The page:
Scanning Electron Microscopy (SEM) Imaging

Hi-Vac SEM
Low-Vac SEM
Cryo SEM
EDS
TEM Imaging

Scanning electron microscopy presents the opportunity to analyze samples for both morphological characterization and composition. Use of high-resolution field emission SEM can give detailed information on particle size, crystal shape and packing and overall structural characterization. This is extremely helpful in identifying causes for manufacturing inconsistencies or in solving quality control issues. We use scanning electron microscopes with field emission guns capable of high resolution imaging, multiple modes of operation, and elemental analysis.

Click on any image to see it larger.

High Vacuum SEM

Most samples are imaged under high vacuum conditions for maximum resolution. This can be done with secondary electrons for detailed surface analysis, back-scattered electron detection for better defining element locations, or X-ray analysis for identifying elements present.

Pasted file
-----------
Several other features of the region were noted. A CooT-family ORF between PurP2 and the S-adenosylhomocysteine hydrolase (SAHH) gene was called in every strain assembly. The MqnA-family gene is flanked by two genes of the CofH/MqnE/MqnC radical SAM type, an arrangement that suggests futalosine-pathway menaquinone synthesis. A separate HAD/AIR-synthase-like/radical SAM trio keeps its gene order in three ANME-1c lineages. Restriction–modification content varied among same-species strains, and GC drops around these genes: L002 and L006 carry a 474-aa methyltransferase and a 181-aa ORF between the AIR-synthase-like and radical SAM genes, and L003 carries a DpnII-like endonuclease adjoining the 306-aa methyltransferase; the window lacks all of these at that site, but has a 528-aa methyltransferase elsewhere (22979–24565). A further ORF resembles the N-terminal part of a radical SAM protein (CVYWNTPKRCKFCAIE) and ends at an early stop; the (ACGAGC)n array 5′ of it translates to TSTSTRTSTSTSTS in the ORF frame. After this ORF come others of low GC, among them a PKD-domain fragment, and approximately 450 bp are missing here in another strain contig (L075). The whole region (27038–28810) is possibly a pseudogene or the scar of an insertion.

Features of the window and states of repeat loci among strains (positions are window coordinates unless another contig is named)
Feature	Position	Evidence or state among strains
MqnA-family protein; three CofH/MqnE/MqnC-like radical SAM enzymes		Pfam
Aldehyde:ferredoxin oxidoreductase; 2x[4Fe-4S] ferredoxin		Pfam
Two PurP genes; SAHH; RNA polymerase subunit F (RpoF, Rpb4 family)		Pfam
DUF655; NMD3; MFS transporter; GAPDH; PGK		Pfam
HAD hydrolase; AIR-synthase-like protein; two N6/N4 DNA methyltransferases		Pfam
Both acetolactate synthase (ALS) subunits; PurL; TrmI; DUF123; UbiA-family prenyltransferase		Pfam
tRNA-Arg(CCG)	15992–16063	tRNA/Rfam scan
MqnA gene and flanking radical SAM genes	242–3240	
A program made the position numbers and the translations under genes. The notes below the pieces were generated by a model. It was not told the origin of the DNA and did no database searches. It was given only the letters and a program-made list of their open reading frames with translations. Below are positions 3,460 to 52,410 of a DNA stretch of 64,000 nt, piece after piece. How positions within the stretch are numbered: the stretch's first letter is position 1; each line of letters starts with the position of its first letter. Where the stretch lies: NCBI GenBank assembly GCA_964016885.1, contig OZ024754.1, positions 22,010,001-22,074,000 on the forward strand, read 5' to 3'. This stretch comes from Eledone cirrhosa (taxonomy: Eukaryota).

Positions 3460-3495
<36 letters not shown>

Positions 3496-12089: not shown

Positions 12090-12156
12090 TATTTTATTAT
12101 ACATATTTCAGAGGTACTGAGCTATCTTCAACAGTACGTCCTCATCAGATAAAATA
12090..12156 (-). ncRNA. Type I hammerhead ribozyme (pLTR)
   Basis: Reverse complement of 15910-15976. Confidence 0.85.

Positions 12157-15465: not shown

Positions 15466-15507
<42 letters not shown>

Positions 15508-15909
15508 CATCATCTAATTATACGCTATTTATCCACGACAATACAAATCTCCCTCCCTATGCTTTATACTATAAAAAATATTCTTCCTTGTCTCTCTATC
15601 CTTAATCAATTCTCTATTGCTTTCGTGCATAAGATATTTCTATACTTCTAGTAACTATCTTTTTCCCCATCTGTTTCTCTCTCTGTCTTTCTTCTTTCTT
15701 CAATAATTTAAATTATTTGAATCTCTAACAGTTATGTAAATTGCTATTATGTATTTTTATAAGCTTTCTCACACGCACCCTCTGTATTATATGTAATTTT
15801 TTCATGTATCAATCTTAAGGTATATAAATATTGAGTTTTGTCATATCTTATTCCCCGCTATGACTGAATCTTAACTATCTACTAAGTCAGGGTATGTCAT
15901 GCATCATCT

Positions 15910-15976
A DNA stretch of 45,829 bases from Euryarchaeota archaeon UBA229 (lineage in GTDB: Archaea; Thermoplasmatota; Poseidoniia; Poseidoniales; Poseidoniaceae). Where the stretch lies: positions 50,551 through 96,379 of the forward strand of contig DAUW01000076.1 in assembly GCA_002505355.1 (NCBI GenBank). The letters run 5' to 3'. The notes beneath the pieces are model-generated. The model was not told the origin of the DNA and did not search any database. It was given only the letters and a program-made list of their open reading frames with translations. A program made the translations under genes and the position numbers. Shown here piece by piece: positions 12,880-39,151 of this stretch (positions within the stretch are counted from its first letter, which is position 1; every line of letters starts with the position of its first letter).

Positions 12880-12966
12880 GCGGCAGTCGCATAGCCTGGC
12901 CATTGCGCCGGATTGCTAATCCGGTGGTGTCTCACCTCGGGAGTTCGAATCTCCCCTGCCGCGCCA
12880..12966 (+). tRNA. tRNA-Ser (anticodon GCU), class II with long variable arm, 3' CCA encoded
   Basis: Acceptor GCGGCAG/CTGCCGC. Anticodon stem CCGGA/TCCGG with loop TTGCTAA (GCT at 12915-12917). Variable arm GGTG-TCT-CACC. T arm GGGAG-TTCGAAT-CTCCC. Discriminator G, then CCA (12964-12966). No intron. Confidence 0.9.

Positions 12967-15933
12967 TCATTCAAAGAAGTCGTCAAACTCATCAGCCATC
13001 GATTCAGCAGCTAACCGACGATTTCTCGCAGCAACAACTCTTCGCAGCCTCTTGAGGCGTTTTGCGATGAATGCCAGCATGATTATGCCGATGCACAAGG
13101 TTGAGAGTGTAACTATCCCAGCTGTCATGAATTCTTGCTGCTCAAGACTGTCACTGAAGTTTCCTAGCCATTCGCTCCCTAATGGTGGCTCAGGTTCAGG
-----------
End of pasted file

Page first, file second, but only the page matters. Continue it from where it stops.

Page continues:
Low Vacuum/Environmental SEM

Low vacuum modes of imaging are extremely useful for imaging non-conductive samples. Often these samples are coated with a thin metal layer to provide conductivity. Low vacuum imaging eliminates the need for coating and permits imaging prior to testing components. Backscatter imaging can be used in conjunction with low vacuum. Full environmental SEM is also available permitting imaging at up to 100% humidity.

Low Vacuum SEM

CryoSEM

CryoSEM involves freezing of hydrated samples and then examining their structure using SEM while they are frozen at temperatures as low as -130oC. This is the only way to fully evaluate a bulk, hydrated system without withdrawing any of the bound water. This powerful imaging technique allows sublimation of unbound water from the freshly fractured face of the frozen sample, revealing the basic underlying structure. Ideal samples are hydrogels, hydrated coatings and microbeads, tissue replacement products, and polymers that would normally deform under the electron beam.

CryoSEM - DS Imaging